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The Italian disinformation networks flying under Facebook’s radar

Italian speakers are among the least protected from misinformation on the platform in Europe

In the weeks leading up to Italy’s first Covid-19 lockdown in March 2020, the most widely shared articles on Facebook from the Italian news website Oltre.Tv were about keeping bacteria out of the house by leaving shoes outside and using garlic and honey to ward off coughs. The website had long been flagged by Italian fact-checkers for spreading disinformation. And as the pandemic ramped up, so did the site’s claims — that the Italian government wanted to see more coronavirus deaths, that protective masks can cause diseases and dementia and that the pandemic was a lie, propagated by Big Pharma.

According to Claudio Michelizza, founder of the Italian fact-checking site Bufale.net, during the first wave of Italy’s coronavirus crisis, “disinformation websites contributed to the climate of uncertainty. People started believing that Covid was planned.”

The online spread of misleading narratives is a particular cause for concern in Italy. According to an April 2021 report by the global activist platform Avaaz, Italian speakers are the non-English users in Europe “least protected” against disinformation on Facebook, with 69% of the content examined not fact-checked by the platform’s moderators. And while social networks like Facebook and Twitter have removed many “superspreader” accounts, a multitude of smaller pages still seem to fly under their radar — including Oltre.Tv, which had operated on Facebook since 2011.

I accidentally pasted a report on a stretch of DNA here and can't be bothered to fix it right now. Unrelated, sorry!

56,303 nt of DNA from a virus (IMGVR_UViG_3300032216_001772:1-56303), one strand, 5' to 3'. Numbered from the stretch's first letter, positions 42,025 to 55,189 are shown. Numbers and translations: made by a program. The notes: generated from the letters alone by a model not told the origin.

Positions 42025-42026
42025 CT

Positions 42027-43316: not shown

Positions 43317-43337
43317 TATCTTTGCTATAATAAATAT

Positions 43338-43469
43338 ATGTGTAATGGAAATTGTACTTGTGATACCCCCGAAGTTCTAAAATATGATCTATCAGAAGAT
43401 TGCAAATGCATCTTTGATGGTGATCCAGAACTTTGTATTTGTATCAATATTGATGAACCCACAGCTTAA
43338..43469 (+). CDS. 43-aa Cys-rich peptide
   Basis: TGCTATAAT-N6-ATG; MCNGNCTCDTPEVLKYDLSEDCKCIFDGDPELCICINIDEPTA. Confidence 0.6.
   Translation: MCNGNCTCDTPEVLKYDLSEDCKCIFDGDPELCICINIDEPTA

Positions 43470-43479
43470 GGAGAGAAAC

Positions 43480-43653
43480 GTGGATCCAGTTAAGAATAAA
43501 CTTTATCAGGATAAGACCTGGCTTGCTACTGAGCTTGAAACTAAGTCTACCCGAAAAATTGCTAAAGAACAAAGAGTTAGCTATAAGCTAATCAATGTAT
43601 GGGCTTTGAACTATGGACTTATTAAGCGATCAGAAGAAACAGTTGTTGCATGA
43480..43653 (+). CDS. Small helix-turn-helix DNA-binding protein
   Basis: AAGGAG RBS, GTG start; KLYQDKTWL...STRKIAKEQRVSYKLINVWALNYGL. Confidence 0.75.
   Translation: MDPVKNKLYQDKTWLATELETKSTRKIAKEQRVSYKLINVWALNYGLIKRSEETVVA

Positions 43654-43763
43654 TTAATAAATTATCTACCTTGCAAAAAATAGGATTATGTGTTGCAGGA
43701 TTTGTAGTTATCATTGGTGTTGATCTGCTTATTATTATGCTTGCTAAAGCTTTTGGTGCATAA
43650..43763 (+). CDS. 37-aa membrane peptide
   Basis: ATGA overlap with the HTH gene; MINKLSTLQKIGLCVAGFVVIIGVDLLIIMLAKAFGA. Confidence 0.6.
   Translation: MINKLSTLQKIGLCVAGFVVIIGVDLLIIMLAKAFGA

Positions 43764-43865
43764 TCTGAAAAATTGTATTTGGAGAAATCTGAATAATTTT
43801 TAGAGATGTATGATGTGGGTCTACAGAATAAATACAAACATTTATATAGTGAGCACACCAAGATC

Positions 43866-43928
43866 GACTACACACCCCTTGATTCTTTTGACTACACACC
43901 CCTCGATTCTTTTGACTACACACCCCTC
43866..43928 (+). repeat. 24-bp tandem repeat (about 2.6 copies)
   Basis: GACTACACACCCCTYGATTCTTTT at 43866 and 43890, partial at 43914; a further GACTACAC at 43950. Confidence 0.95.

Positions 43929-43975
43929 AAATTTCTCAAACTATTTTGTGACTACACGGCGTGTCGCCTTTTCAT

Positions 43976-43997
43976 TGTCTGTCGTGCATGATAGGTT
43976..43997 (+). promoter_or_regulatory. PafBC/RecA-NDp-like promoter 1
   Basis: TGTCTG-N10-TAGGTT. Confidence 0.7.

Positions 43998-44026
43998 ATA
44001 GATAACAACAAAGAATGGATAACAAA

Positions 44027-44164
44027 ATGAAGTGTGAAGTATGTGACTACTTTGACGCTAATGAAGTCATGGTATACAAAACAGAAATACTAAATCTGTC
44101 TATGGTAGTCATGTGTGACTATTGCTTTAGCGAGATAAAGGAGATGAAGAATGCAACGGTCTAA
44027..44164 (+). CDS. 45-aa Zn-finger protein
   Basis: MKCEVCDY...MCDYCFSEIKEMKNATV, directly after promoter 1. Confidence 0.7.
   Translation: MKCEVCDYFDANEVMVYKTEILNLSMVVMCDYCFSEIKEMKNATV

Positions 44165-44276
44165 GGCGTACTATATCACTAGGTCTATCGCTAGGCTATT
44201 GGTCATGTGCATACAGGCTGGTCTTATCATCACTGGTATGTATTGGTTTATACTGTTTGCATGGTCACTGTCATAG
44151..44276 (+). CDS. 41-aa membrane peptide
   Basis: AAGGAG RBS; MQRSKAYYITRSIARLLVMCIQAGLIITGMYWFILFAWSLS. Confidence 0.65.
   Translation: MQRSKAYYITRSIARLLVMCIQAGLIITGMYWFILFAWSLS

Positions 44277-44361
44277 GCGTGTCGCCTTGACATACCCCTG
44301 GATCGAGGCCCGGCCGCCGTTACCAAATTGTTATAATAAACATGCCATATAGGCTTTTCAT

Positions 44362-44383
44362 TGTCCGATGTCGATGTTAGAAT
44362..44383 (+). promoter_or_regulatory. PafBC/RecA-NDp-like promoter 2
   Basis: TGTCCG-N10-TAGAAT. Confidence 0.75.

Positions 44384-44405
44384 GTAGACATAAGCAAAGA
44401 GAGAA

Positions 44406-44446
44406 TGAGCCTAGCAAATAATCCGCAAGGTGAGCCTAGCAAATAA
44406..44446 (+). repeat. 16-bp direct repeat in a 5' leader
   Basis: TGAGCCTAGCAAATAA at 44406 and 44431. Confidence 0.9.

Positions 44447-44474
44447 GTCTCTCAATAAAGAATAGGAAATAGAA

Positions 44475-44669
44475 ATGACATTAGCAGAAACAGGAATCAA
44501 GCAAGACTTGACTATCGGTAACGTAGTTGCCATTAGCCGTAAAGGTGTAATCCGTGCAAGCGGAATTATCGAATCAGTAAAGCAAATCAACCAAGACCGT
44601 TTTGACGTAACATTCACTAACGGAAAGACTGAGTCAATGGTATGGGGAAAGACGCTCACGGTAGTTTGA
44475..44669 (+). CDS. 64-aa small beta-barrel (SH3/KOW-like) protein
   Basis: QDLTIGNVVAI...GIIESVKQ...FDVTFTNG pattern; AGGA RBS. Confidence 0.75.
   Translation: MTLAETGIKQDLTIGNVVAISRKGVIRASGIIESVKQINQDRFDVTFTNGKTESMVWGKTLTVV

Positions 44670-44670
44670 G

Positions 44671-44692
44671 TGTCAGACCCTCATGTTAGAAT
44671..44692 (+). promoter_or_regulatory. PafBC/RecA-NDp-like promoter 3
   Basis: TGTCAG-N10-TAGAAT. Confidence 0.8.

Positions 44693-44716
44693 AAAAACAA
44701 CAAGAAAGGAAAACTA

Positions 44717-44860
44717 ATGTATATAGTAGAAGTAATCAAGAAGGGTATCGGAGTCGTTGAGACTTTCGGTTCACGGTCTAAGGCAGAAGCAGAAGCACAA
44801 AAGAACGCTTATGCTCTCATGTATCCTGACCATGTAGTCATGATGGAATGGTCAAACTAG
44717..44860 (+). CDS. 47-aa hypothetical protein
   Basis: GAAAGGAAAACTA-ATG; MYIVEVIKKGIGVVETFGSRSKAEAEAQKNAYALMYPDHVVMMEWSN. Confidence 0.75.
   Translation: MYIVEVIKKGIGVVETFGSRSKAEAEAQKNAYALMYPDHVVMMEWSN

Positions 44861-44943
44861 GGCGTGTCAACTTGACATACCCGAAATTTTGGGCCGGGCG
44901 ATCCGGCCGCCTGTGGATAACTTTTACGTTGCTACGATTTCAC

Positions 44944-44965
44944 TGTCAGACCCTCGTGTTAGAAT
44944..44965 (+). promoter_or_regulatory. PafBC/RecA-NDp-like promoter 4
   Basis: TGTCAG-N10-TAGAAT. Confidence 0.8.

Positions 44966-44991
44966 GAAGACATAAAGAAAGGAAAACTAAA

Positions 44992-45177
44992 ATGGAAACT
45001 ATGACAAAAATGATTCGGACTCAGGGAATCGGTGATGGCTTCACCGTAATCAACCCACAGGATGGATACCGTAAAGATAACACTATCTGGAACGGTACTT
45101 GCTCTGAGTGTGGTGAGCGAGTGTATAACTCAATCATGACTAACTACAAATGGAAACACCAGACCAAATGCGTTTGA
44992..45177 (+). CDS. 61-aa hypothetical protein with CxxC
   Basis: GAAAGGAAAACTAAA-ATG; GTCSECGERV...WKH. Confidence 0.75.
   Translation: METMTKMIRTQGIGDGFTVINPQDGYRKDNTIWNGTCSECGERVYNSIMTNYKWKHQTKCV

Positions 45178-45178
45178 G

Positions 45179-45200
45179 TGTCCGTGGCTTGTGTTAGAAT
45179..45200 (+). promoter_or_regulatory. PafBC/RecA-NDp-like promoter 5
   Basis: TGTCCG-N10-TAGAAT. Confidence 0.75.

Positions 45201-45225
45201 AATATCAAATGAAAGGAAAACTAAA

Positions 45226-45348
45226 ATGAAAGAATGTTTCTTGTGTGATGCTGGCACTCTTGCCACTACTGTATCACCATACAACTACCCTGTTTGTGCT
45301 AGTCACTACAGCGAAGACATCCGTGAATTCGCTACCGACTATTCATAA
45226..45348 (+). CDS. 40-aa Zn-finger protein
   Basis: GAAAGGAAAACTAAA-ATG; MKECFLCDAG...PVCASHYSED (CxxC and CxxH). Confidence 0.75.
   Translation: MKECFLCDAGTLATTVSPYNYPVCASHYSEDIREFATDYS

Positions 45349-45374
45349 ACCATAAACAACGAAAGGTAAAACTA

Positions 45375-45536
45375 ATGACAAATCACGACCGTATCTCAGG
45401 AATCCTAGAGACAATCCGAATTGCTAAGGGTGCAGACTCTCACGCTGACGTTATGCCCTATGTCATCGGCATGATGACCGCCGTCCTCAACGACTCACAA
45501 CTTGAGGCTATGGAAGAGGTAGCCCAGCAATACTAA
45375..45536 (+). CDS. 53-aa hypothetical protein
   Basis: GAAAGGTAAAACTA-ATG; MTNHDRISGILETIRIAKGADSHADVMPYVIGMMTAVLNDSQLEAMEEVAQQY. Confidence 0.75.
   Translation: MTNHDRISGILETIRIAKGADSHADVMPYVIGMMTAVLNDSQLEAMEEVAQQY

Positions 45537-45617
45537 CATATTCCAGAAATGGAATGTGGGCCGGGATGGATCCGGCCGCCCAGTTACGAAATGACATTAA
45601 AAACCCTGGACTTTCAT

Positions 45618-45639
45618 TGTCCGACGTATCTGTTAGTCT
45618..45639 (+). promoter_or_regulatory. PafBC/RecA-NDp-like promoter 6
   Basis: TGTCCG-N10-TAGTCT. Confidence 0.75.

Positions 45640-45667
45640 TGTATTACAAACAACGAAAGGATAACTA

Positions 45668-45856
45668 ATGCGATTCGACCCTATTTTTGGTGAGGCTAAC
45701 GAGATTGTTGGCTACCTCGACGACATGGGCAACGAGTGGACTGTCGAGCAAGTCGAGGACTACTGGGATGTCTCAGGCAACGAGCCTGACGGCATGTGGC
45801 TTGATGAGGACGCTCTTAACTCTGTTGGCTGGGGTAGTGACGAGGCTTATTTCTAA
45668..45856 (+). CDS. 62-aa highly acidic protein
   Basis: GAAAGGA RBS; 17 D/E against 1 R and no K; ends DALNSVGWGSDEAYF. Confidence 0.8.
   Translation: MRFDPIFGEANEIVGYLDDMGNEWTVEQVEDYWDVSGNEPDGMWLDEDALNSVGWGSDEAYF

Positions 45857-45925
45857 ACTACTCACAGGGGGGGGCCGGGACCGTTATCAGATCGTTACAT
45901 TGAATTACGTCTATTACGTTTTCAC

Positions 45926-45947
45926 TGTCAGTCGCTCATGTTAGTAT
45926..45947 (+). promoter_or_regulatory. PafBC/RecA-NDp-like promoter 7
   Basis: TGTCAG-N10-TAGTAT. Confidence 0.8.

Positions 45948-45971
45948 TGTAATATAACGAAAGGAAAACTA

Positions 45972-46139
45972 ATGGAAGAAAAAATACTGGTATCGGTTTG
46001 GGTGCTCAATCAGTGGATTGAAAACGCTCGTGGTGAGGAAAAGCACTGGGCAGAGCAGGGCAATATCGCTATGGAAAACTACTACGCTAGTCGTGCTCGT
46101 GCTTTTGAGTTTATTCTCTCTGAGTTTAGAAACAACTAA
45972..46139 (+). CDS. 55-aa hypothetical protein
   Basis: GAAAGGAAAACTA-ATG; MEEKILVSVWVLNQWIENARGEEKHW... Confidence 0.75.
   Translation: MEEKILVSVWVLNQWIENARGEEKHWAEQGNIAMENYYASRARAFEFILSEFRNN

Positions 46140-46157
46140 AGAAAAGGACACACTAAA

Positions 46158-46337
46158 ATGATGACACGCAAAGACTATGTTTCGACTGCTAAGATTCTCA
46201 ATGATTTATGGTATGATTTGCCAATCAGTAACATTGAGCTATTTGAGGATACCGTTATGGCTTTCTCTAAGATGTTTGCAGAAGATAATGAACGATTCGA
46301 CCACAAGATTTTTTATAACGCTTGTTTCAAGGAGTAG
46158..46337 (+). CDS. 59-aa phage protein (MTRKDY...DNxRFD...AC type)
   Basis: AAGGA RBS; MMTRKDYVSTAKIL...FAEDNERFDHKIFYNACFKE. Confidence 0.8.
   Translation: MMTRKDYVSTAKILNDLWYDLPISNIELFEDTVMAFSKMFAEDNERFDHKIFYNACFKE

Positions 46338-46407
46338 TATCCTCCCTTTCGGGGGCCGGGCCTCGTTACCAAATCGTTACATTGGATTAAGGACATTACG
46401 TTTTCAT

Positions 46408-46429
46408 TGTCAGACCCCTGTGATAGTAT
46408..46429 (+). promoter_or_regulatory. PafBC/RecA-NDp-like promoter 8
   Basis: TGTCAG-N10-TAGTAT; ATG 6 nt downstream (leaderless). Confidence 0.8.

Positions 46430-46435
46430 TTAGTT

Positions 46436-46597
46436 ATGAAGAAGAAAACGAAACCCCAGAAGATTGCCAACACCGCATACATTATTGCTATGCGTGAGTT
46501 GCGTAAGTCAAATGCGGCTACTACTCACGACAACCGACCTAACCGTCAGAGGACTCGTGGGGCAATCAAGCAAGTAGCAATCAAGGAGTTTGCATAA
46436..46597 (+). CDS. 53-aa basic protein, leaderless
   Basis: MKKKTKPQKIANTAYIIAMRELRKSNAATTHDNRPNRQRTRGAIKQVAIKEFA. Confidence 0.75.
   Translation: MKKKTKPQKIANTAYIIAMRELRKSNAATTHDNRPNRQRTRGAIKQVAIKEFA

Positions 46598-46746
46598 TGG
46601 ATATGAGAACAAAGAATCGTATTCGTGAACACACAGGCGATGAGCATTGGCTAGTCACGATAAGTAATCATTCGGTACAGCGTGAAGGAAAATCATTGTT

In December 2020, the global misinformation-tracking organization NewsGuard identified an network of seven Italian websites and Facebook pages that shared each other’s posts and articles almost simultaneously. The network includes Oltre.Tv. NewsGuard calculated the network’s reach at over 1.5 million followers. Since then, a sister site to Oltre.tv has appeared — Gasp.News — that publishes and shares similar content.

The network of Facebook pages mainly share articles from Oltre.Tv with false claims about the pandemic, such as an interview with an Italian psychiatrist who referred to Bill Gates as “a nerdy psychopath”, whose efforts to fund Covid vaccines would transform people into robots.

From the outset, Oltre.Tv had strong anti-science leanings. “The Facebook page was born with a focus against multinationals. Its first name was ‘Let’s boycott multinationals,’” said Luca Nicotra, a campaign director at Avaaz, who has been following Oltre.Tv’s network since 2019. “Since the beginning, it had an anti-vax position.”

Oltre.Tv’s Facebook page was taken down in May 2019, after an investigation by Avaaz revealed its participation in a wide network promoting the populist Five Star Movement and right-wing Lega Nord, which swept Italy’s Parliamentary elections in 2018 and 2019. Over 23 Italian Facebook pages that had been posting disinformation and hate speech in support of the parties were removed.

Days later, however, a new Oltre.Tv Facebook page appeared. It has been sharing questionable content ever since. 

Oltre.Tv and Gasp.News both run ads through Google. The Italian newspaper Corriere della Serra has stated that the network could generate between 2,000-4,000 euros a month. 

Oltre.Tv and Gasp.News share a publishing team and an owner — ArcanetWeb SRLS, a digital marketing and communication company. The sites’ content editor, Daniele di Luciano, told Coda in an email that he does indeed run the seven Facebook pages that NewsGuard identified and the Gasp.News page. NewsGuard also characterizes Oltre.Tv’s content as having a right-wing, anti-immigration and anti-abortion bias.

Di Luciano disagreed with NewsGuard’s findings and said Oltre.tv is neither right nor left wing. He also questioned NewsGuard’s rating and analysis process. Writing in Italian, he said, “Oltre is a simple news site, like many others.”

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